Remember 1972? Led Zeppelin. Carly Simon. “The Godfather.” “Hawaii Five-O.” George Wallace shot. Watergate. Bombing raids on North Vietnam.
Murders at the Summer Olympics. Mark Spitz. Pioneer 10.
The little spacecraft with the big antenna blasted off March 2, 1972, on top of an Atlas-Centaur rocket. Pioneer 10 was going to be the first human artifact to leave the solar system.
The news media was atwitter because of the plaque affixed to the side of the craft, which Carl Sagan helped design, meant as an Earthly greeting to whatever alien civilization the spacecraft might someday encounter.
There were protests, as I recall, because the plaque depicted a nude human male and female (“Dirty pictures,” said letters to editors). But most objections were not to the nudity—after all, this was at the height of the Sexual Revolution—but because some people thought the images were politically incorrect.
It was the male who raised his hand in greeting, not the female (male chauvinism!). The male’s genitals were shown, but not the female’s (sexism!). And the figures—deliberately designed to be multiracial—were thought by some to be too Caucasian, by others too Negroid (racism!).
Those were highly charged times, and today the controversies seem rather quaint. After all, the chance that an intelligent alien civilization will ever see the plaque is exceedingly slim. Pioneer 10 is heading in the direction of the constellation Taurus, but won’t pass the nearest star there for 2 million years.
In fact, the spacecraft is not yet in true interstellar space. It passed the orbit of Pluto in 1983, and thus left the solar system by some accounts, but it still lies within the influence of the Sun’s magnetic field and outward flow of solar particles. Sometime in the next few years, it will leave even that gentle touch of the Sun behind.
Thirty years into its voyage, Pioneer 10 is more than 7 billion miles away, and still in radio contact with Earth. Scientists last contacted the craft on March 2 of this year, beaming a signal to the spaceship’s receiver and getting a response. The round-trip communication took 22 hours, traveling at the speed of light. By comparison, a radio signal takes just 8 minutes to travel from the Earth to the sun.
Of the craft’s 11 scientific instruments, only one, a Geiger Tube Telescope, is still working.
Pioneer 10 is nuclear powered, so there’s no problem of batteries running out, but it’s something of a miracle that the spacecraft has not yet cut its electronic umbilical cord to Earth. Its sister ship, Pioneer 11, launched in 1973 and hot on the tail of Pioneer 10, has been out of touch since 1995.
I love thinking of that chunk of human engineering drifting in deep space, heading for the stars, never to return, its radio squeaking a barely detectable homesick cry, those little naked figures affixed to its side facing the unfathomable gulf between the stars, the male’s hand raised in hopeful greeting.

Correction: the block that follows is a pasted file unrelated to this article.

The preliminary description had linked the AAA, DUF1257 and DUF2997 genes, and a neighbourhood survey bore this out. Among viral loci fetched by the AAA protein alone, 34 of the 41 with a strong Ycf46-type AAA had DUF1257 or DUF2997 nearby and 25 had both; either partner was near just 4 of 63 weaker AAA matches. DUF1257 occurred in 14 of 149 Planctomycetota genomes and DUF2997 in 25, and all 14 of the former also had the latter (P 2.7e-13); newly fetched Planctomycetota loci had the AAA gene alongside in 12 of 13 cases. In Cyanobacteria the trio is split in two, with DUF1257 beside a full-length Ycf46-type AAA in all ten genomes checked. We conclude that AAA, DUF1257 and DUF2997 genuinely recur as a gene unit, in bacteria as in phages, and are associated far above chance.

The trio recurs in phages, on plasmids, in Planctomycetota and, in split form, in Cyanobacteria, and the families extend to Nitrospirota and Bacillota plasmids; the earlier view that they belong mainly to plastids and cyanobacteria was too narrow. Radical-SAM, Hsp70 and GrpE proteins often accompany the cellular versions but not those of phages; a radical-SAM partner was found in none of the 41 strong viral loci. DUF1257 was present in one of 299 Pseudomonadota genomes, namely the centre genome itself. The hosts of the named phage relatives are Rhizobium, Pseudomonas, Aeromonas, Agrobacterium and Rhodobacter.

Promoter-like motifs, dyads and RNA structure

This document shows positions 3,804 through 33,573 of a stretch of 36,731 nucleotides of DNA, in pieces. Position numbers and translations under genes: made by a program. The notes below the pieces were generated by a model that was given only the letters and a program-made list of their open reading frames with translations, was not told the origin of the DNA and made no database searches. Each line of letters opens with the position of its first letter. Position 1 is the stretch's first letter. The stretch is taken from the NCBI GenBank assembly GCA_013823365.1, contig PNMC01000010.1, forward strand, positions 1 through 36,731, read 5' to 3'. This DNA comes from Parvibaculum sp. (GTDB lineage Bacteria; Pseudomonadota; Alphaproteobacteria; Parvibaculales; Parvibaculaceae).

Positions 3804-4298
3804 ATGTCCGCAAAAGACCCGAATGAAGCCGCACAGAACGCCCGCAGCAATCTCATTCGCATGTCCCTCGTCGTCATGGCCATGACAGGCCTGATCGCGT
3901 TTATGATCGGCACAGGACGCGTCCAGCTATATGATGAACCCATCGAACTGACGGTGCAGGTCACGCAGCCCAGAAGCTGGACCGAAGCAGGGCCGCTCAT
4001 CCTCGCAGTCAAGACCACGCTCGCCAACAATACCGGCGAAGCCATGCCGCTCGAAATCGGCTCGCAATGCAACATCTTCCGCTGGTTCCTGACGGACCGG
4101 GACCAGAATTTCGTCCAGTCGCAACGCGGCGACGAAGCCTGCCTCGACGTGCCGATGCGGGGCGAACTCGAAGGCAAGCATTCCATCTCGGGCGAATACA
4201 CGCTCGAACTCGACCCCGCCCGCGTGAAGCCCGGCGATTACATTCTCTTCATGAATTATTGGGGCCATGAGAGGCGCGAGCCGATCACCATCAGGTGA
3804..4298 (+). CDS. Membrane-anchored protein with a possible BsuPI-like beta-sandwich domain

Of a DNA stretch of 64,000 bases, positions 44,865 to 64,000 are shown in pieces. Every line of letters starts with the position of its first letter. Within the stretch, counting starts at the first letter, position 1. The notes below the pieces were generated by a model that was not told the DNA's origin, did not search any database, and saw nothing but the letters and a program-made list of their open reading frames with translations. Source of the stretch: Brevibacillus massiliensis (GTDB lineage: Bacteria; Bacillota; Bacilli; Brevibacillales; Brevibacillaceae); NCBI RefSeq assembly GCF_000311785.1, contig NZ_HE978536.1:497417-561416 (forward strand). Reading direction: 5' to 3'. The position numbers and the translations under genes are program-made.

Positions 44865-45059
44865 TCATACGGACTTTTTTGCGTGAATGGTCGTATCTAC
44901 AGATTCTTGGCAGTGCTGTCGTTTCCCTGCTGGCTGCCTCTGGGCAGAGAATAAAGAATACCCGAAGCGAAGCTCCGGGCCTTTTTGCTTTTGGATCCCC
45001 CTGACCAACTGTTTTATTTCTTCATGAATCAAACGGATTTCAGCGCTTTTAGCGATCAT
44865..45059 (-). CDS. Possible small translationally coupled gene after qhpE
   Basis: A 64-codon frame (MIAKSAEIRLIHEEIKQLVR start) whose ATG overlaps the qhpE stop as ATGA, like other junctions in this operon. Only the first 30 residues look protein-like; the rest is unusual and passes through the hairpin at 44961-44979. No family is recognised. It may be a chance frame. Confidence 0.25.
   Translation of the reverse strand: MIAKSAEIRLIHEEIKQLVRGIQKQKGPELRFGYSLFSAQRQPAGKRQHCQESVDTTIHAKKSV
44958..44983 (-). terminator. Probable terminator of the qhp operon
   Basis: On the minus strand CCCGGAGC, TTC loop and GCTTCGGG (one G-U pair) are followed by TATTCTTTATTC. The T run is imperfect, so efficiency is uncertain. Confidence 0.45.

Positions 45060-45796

The craft was launched in turbulent times, wonderful and terrible.
But most of all those times were hopeful. The peace movement was in full swing, with its dream of global harmony. Ecology and green politics.
Women’s liberation. Civil rights. The Peace Corps. Liberation theology. Flower power.
For all of the chaos that swirled about us, there was a dream that things could be better, that all humans could live in peace and equality, irrespective of gender, race, culture or religion. The young, especially, were convinced that the dawning of the Age of Aquarius meant an end to ancient animosities and injustices.
They were wrong, of course. Greed, hatred and intolerance are still with us. Perhaps they will always be with us. Perhaps they are embedded in our genes.
But the dream lives on, and thankfully so. We know we are not prisoners of our genes, and that we can rise above our baser instincts if only we can rally ourselves to try. We hold to the hope that on this tiny planet of a yellow star in a typical corner of the Milky Way Galaxy, we might yet create an oasis of creaturely order that is a model for the universe.
Pioneer 10 carries that hope into interstellar space. With Pioneer 11 and Voyagers 1 and 2, which also carry messages, it is an emissary of our best natures. The Voyagers bear musical selections from different cultures and eras, and spoken greetings from humans in 55 languages. That magnanimity of spirit was typical of the era in which the spacecraft were launched. Let us hope we can become worthy of the self-image we sent to the stars.
[2014 Update: Scientists last made contact with Pioneer 10 on January 23, 2003. Today, the spacecraft is estimated to be approximately 110 AU from the Earth.—Tom.]